ME Graduate Seminar: Antonia Arenas Amado

Thursday, April 9, 2020, 3:30pm to 4:20pm


Each one of Iowa’s 99 counties has been impacted by flooding events that exceeded the state’s capacity to respond and that ultimately led to flood-related presidential disaster declarations (FRDD). In the last three decades, the total number of FRDD in Iowa counties has exceeded 900 making flooding one of the most prominent environmental challenges that Iowa faces. Physically-based watershed modeling was used to evaluate the flood reduction benefits expected from both nature-based and structural mitigation strategies implemented in the Des Moines River watershed upstream from the City of Des Moines. Model baseline conditions were determined using a 17-year continuous simulation. The model was forced with hourly meteorological data from NLDAS and simulated streamflow hydrographs were compared against measurements taken at several USGS stations. The model was able to reproduce satisfactorily the observed hydrographs as well as seasonal and annual trends. Model baseline parameters were modified to simulate the implementation of cover crops, no-till practices, and native vegetation (e.g. tall-grass prairie) in the study area. In addition, the watershed model was used to evaluate the flood reduction benefits associated to a system of distributed storage built with ponds located in the watershed’s headwater catchments. This work presents, for all the conservation scenarios, quantification of changes in watershed’s hydrology as well annual peak flow reductions.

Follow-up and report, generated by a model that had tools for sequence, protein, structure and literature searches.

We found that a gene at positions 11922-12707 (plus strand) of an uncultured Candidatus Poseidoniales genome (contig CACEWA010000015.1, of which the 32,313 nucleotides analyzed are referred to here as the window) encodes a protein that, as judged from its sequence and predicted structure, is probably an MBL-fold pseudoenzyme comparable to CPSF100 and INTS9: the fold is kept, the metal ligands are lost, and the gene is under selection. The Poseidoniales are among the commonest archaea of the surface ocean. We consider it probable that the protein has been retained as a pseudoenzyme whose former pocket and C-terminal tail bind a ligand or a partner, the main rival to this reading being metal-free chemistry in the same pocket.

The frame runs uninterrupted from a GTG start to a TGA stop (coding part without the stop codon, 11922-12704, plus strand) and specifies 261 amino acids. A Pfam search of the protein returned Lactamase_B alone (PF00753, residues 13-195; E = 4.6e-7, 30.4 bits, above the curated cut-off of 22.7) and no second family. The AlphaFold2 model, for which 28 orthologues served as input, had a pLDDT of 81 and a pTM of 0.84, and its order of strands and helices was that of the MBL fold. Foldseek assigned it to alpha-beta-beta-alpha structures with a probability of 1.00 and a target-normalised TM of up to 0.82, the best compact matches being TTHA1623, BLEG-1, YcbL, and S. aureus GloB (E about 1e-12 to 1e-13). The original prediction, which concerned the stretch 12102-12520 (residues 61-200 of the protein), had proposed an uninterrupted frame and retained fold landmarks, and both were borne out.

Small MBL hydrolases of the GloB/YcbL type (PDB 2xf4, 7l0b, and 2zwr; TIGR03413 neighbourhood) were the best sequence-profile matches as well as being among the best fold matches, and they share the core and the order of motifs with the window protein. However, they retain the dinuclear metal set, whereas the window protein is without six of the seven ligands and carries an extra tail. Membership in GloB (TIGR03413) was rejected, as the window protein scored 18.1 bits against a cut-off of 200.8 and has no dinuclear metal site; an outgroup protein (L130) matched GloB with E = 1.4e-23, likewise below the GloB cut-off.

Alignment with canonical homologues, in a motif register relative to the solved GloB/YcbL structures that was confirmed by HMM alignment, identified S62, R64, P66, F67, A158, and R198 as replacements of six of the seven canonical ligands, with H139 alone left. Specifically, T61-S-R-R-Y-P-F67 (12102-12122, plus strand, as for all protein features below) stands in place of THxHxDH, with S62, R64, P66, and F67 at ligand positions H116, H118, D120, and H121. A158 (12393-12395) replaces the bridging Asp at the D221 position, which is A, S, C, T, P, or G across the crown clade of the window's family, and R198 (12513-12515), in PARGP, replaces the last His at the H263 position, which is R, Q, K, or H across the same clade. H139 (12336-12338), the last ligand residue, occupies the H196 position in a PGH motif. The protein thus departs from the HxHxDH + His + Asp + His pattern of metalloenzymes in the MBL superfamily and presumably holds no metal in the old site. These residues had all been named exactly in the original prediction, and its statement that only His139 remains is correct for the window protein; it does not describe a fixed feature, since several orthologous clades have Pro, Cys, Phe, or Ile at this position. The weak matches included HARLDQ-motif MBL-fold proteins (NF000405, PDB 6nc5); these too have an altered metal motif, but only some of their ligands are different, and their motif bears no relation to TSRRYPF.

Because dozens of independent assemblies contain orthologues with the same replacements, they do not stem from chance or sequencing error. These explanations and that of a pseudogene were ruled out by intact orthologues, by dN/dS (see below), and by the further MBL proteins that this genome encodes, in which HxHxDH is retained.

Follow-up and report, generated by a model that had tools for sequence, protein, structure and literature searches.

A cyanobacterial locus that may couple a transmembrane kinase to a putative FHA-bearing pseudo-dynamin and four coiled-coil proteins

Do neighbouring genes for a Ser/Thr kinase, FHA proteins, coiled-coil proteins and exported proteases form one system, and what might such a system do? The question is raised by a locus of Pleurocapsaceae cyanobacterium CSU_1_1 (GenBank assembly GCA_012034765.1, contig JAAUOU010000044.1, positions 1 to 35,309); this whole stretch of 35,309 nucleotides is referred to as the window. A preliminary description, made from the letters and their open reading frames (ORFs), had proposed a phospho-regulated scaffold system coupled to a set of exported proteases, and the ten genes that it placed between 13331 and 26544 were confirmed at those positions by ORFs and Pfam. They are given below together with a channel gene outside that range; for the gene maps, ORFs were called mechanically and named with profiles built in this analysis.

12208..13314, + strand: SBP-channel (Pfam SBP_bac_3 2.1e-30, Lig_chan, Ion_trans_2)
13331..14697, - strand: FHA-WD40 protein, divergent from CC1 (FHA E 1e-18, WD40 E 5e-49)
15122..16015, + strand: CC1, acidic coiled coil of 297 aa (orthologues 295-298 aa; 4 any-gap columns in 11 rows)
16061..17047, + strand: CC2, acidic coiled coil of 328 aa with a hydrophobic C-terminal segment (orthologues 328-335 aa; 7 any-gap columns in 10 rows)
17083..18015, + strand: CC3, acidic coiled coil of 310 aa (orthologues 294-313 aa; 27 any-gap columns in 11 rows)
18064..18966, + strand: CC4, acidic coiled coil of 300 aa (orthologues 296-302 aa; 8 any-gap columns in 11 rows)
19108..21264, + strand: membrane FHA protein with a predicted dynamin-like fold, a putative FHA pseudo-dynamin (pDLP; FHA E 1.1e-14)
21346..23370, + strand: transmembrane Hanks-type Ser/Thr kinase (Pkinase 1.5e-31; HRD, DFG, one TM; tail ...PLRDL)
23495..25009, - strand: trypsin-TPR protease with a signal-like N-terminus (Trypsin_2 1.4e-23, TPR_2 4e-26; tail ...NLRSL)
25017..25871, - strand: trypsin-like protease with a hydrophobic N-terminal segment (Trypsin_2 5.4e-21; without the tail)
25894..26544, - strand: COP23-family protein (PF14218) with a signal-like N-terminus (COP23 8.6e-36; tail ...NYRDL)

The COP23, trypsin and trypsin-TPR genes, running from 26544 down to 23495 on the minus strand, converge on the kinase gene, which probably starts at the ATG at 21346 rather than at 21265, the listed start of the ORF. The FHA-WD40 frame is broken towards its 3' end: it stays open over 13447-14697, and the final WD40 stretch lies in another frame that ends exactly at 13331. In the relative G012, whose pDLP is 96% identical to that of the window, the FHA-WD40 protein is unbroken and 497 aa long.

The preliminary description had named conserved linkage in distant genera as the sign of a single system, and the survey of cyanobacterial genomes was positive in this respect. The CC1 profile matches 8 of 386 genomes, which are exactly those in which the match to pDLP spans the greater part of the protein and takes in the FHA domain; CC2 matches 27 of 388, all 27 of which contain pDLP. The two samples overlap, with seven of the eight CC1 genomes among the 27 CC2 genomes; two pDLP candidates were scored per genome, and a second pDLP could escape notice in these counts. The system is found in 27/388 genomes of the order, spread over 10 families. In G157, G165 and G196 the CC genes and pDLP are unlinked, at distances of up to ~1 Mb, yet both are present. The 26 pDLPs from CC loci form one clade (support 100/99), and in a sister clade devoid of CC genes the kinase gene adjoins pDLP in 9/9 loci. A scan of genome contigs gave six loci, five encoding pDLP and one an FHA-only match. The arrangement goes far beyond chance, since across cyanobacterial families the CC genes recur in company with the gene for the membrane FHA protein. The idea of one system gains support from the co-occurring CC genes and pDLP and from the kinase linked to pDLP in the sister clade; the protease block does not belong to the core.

Zoom Meeting ID: 174 155 234

Individuals with disabilities are encouraged to attend all University of Iowa–sponsored events. If you are a person with a disability who requires a reasonable accommodation in order to participate in this program, please contact Donna Palmer in advance at 319-335-5670 or